As data privacy concerns mount among regulators, advertisers need to prepare while continuing to meet consumer demands. Resulticks’ Redickaa Subrammanian explores the options for brands.

A shift in data privacy management is sweeping Google, Facebook, and other social media platforms. They are addressing the data they have and enacting measures that will change how they use data in the future. By and large, these actions are being applauded, but advertisers want to know (rightfully) how it will impact their marketing plans and, more tellingly, their understanding of customers.

In addition, marketers need to figure out how to meet customers’ demands for greater personalisation, without sharing too much personal information. Given these tighter conditions, will brands and marketers still be able to build comprehensive customer profiles or accurately executed targeted marketing campaigns?

How tech companies are protecting user privacy

To understand the impact, it’s necessary to examine the underlying driver behind the change in data policies, which is to give consumers more control over their data – particularly the type that tracks activity online.

The most recent and well-known example is Facebook’s ‘Clear History’ tool, which allows users to wipe the information Facebook has collected about them from third-party apps. Google’s efforts are slightly more muted, but no less significant. Through an upcoming browser update for Google Chrome, the search giant will more tightly limit how cookies track users between sites by providing users more control over clearing certain types of cookies, even while still logged into the services.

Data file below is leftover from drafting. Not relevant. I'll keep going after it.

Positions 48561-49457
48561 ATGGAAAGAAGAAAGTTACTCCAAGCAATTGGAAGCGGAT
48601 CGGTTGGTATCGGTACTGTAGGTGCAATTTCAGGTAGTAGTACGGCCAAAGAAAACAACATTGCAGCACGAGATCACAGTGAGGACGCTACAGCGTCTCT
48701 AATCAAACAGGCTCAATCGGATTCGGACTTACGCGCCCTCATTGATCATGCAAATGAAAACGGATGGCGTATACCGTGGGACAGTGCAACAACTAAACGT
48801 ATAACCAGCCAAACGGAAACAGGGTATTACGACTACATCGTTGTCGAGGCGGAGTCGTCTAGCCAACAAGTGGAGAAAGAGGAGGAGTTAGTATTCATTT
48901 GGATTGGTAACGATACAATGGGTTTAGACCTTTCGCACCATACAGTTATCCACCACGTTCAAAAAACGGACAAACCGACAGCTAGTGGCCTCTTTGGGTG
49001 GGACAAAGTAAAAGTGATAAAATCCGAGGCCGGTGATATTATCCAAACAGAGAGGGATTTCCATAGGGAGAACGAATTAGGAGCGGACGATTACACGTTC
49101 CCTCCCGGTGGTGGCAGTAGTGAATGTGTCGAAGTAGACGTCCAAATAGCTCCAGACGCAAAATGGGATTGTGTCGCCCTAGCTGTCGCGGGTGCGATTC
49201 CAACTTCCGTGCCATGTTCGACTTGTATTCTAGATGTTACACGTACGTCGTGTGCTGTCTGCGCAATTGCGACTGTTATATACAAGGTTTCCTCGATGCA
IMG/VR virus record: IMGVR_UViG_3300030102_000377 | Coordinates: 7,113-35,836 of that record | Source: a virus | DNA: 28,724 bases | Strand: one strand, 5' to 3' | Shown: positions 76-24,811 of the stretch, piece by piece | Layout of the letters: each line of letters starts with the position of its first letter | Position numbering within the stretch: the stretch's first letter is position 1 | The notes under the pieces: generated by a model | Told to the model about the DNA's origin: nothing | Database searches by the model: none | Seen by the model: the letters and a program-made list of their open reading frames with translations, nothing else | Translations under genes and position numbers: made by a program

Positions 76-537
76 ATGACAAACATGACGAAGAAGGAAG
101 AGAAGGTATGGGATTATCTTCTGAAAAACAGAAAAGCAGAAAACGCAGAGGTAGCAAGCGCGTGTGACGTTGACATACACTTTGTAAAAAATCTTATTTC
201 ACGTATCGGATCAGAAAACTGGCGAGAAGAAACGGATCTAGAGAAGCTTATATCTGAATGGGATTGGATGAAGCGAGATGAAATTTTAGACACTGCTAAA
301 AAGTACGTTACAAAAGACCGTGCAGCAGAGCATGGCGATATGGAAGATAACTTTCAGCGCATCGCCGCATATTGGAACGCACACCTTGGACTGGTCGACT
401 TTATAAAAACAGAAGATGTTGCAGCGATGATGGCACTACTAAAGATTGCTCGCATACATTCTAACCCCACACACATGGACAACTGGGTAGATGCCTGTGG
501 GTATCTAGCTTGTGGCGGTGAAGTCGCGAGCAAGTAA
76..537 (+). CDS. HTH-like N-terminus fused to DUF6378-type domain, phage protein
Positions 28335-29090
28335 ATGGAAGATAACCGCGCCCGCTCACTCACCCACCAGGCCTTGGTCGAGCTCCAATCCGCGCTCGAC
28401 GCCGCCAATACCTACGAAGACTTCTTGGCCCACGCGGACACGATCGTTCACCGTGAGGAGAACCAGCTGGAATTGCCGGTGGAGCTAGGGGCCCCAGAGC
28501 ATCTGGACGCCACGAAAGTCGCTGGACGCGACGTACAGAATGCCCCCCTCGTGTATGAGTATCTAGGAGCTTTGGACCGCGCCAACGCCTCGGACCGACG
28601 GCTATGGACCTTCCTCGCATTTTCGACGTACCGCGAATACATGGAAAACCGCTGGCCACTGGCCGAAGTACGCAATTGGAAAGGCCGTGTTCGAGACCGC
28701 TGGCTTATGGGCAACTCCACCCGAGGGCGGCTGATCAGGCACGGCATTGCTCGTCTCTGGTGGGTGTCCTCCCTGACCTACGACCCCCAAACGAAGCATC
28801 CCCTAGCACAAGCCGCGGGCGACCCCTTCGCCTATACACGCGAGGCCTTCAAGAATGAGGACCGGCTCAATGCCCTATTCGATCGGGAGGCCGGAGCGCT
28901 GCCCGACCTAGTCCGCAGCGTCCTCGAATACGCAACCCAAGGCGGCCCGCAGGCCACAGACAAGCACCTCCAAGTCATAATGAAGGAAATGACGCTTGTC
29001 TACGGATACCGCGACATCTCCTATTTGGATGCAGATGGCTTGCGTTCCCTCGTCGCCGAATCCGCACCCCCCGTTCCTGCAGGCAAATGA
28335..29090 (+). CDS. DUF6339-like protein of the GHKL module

But of the three major technology companies under fire, Apple has arguably taken the most decisive step, rolling out new hardware that greatly limits the ability of the tech giant and external bodies to access user information.

These initiatives are critical to rebuilding trust – especially when one considers that 60% of people, according to Edelman’s 2018 Trust Barometer Report, no longer trust social media companies.

But data breaches and leaks come from more than social media –  have experienced data hacks that affected millions of people, angering users and sparking even more intense scrutiny from regulators and lawmakers around the world.

Implications for brands

On the face of it, many brands have thrown their support behind these initiatives, but losing vast sources of data is a huge loss for organisations that rely on it to make money. Increased privacy also means brands have less visibility on their target audiences’ journeys to purchase, making personalised marketing harder to execute with precision.

Essentially, this means brands need to pivot away from solely relying on second- and third-party data that is managed by other platforms and build a stronger reliance on data they collect themselves. 

While this could be viewed as a challenge, the opportunities are far greater – especially since the most tangible benefit consumers have for sharing their data with companies is a personalised experience. This means walking the fine line between impersonal and overly-familiar marketing that can ultimately feel “creepy”. Being able to locate this line is extremely important, as  found 80% of consumers want personalisation, while  discovered 75 percent of consumers find many forms of marketing personalisation “creepy”.